That aptly describes Ozzie Jurock and by his own description of life, it’s been a charmed existence: “I could not have written a scenario that could have been more exciting.”

Story courtesy of Boulevard Magazine, a Black Press Media publication

Like Boulevard Magazine on Facebook and follow them on Instagram

BusinessReal estate

Just Posted

UVic Department of Anthropology chair and professor, April Nowell, at home with a copy of her new book, Growing Up In the Ice Age. (Courtesy of April Nowell)
New book by University of Victoria professor explores lives of Ice Age children

April Nowell spent two decades researching archaeological evidence of children, teens

Saanich Neighbourhood Place is hoping to open the doors to its new centre in July, pending final council approval. (Black Press Media file photo)
Saanich childcare agency awaits final approval on much-needed new facility

Saanich Neighbourhood Place keen to open new centre this summer, expand options for community

Proposed design for the Topaz Park bike and skate park elements. (Courtesy City of Victoria)
Victoria requesting feedback on Topaz Park redesign

Public input now being taken for proposed skate, bike park ideas

Victoria police are searching for high-risk missing woman Chloe Morrison who was last seen in Victoria June 13. (Courtesy of VicPD)
MISSING: Chloe Morrison, last seen in Victoria

Morrison, 25, was last seen shortly after 2 p.m. June 13

Processed sewage is still being deposited at the Hartland landfill rather than sent as biosolids to a Richmond cement plant. (Black Press Media file photo)
Biosolids at Hartland still being placed on landfill in Saanich

Richmond cement plant up and running, but CRD end product not suitable for purpose

People watch a car burn during a riot following game 7 of the NHL Stanley Cup final in downtown Vancouver, B.C., in this June 15, 2011 photo. THE CANADIAN PRESS/Geoff Howe
10 years ago: Where were you during the 2011 Vancouver Stanley Cup Riots?

Smashed-in storefronts, looting, garbage can fires and overturned cars some of the damage remembered today

Vancouver courthouse. (Photo: Tom Zytaruk)
Man loses bid to appeal conviction for 1999 rape at Abbotsford music festival

James Redden, 53, formerly of Nanaimo, was found guilty in 2019 following six-day trial

A health-care worker holds up a sign signalling she needs more COVID-19 vaccines at the ‘hockey hub’ mass vaccination facility at the CAA Centre during the COVID-19 pandemic in Brampton, Ont., on Friday, June 4, 2021. This NHL-sized hockey rink is one of CanadaÕs largest vaccination centres. THE CANADIAN PRESS/Nathan Denette
‘Vaxxed to the max’: Feds launch Ask an Expert campaign to encourage COVID shots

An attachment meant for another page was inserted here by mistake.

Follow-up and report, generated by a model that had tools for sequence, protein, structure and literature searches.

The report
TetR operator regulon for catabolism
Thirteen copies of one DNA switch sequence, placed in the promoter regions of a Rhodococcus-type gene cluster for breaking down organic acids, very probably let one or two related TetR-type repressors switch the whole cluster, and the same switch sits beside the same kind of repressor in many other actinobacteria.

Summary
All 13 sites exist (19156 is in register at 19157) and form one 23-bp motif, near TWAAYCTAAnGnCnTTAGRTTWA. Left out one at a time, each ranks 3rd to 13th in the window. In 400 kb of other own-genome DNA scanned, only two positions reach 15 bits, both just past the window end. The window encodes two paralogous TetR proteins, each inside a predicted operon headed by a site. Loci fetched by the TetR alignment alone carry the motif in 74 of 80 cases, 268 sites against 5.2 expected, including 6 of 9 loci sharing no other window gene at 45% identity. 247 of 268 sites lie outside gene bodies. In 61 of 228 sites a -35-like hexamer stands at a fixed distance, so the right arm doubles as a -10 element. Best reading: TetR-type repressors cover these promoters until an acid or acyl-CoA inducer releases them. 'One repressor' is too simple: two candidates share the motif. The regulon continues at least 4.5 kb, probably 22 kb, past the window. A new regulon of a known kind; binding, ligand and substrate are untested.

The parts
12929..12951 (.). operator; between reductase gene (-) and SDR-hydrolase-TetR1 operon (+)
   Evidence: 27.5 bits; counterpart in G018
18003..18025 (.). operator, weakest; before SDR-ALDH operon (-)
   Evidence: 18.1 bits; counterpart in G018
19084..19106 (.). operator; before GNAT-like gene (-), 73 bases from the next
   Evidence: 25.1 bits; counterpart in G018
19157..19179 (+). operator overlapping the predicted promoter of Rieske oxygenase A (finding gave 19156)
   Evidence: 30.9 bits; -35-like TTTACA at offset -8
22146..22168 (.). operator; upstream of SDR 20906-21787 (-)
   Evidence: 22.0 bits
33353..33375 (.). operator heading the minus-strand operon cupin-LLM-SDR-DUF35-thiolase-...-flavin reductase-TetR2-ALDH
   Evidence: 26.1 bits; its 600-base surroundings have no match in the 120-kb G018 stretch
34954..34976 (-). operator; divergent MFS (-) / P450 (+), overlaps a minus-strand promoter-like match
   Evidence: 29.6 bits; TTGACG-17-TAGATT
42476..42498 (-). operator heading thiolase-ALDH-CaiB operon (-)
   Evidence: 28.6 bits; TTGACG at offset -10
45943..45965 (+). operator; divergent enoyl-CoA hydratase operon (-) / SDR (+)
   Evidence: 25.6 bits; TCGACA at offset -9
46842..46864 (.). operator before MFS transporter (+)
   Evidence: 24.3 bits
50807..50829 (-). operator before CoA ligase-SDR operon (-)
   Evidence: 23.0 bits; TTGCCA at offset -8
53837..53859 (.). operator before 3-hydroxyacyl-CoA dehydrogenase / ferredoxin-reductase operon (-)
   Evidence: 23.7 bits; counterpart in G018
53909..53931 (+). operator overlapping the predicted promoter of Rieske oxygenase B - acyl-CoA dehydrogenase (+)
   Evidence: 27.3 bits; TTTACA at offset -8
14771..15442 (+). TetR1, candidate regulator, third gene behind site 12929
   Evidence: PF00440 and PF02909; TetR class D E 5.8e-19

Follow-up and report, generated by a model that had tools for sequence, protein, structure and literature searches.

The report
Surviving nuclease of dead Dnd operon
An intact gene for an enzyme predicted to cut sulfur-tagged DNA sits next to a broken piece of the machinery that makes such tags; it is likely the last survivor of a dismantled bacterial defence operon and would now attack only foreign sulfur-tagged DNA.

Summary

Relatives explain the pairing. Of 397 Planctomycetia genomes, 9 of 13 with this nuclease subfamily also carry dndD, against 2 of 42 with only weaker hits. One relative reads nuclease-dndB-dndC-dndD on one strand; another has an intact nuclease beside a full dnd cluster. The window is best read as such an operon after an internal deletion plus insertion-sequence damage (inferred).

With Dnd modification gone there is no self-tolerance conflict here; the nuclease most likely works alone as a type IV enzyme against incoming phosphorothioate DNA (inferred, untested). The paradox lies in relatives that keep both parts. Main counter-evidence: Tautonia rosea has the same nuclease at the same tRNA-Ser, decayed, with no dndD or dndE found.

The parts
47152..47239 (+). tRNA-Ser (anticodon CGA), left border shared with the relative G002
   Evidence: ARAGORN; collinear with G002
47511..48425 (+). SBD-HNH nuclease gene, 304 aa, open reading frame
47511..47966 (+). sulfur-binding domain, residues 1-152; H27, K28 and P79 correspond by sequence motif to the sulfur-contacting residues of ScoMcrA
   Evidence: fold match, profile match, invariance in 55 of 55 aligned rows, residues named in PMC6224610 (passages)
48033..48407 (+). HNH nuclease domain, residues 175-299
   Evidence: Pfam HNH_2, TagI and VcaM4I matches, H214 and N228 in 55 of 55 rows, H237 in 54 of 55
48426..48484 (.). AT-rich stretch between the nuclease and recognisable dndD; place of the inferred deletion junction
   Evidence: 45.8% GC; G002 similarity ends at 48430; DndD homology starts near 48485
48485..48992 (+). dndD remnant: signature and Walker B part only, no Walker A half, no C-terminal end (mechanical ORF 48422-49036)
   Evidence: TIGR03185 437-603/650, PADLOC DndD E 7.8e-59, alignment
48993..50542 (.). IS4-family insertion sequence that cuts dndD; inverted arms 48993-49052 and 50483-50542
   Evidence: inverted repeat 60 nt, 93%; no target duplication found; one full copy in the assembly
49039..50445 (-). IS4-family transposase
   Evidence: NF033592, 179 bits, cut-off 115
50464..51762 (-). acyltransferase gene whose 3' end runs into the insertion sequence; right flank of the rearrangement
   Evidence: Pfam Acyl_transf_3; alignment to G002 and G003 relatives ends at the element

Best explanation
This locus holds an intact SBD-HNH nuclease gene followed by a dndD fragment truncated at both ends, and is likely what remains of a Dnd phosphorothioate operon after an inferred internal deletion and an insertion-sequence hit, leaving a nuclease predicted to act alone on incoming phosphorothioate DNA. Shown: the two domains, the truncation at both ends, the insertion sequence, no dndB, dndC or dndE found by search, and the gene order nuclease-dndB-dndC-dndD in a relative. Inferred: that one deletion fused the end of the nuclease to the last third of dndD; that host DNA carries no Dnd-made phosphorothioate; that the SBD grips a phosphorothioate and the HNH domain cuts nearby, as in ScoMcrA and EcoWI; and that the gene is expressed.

Survey shows that confidence in vaccines has risen this spring

Port Alberni court house (Alberni Valley News)
Inquest set into 2016 death of B.C. teen after a day spent in police custody

18-year-old Jocelyn George died of heart failure in hospital after spending time in jail cell

Children’s shoes and flowers are shown after being placed outside the Ontario legislature in Toronto on Monday, May 31, 2021. THE CANADIAN PRESS/Frank Gunn
Ontario commits $10 million to investigate burial sites at residential schools

Truth and Reconciliation Commission identified 12 locations of unmarked burial sites in Ontario

Singer-songwriter Jann Arden is pictured with a draft horse. (Canadian Horse Defence Coalition)
Jann Arden backs petition to stop ‘appalling’ live horse export, slaughter

June 14 is the International Day to End Live Export of Animals

Two hundred and fifteen lights are placed on the lawn outside the Residential School in Kamloops, B.C., Saturday, June, 13, 2021. The remains of 215 children were discovered buried near the former Kamloops Indian Residential School earlier this month. THE CANADIAN PRESS/Jonathan Hayward
Days after Kamloops remains discovery, Tk’emlups families gather to unite, move ahead

‘We have to work together because this is going to be setting a precedent for the rest of the country’

In this Saturday, May 29, 2021, file photo, people crowd the Santa Monica Pier in Santa Monica, Calif. California, the first state in America to put in place a coronavirus lockdown, is now turning a page on the pandemic. Most of California’s coronavirus restrictions will disappear Tuesday, June 15, 2021. (AP Photo/Damian Dovarganes, File)
With COVID tamed, it’s a ‘grand reopening’ in California

No more state rules on social distancing, no more limits on capacity, no more mandatory masks

Montreal Canadiens goaltender Carey Price (31) is scored on by Vegas Golden Knights defenseman Alec Martinez, not pictured, during the second period in Game 1 of an NHL hockey Stanley Cup semifinal playoff series Monday, June 14, 2021, in Las Vegas. (AP Photo/John Locher)
Habs fall 4-1 to Vegas Golden Knights in Game 1 of NHL semifinal series

Match was Montreal’s first game outside of Canada in 2021

Most Read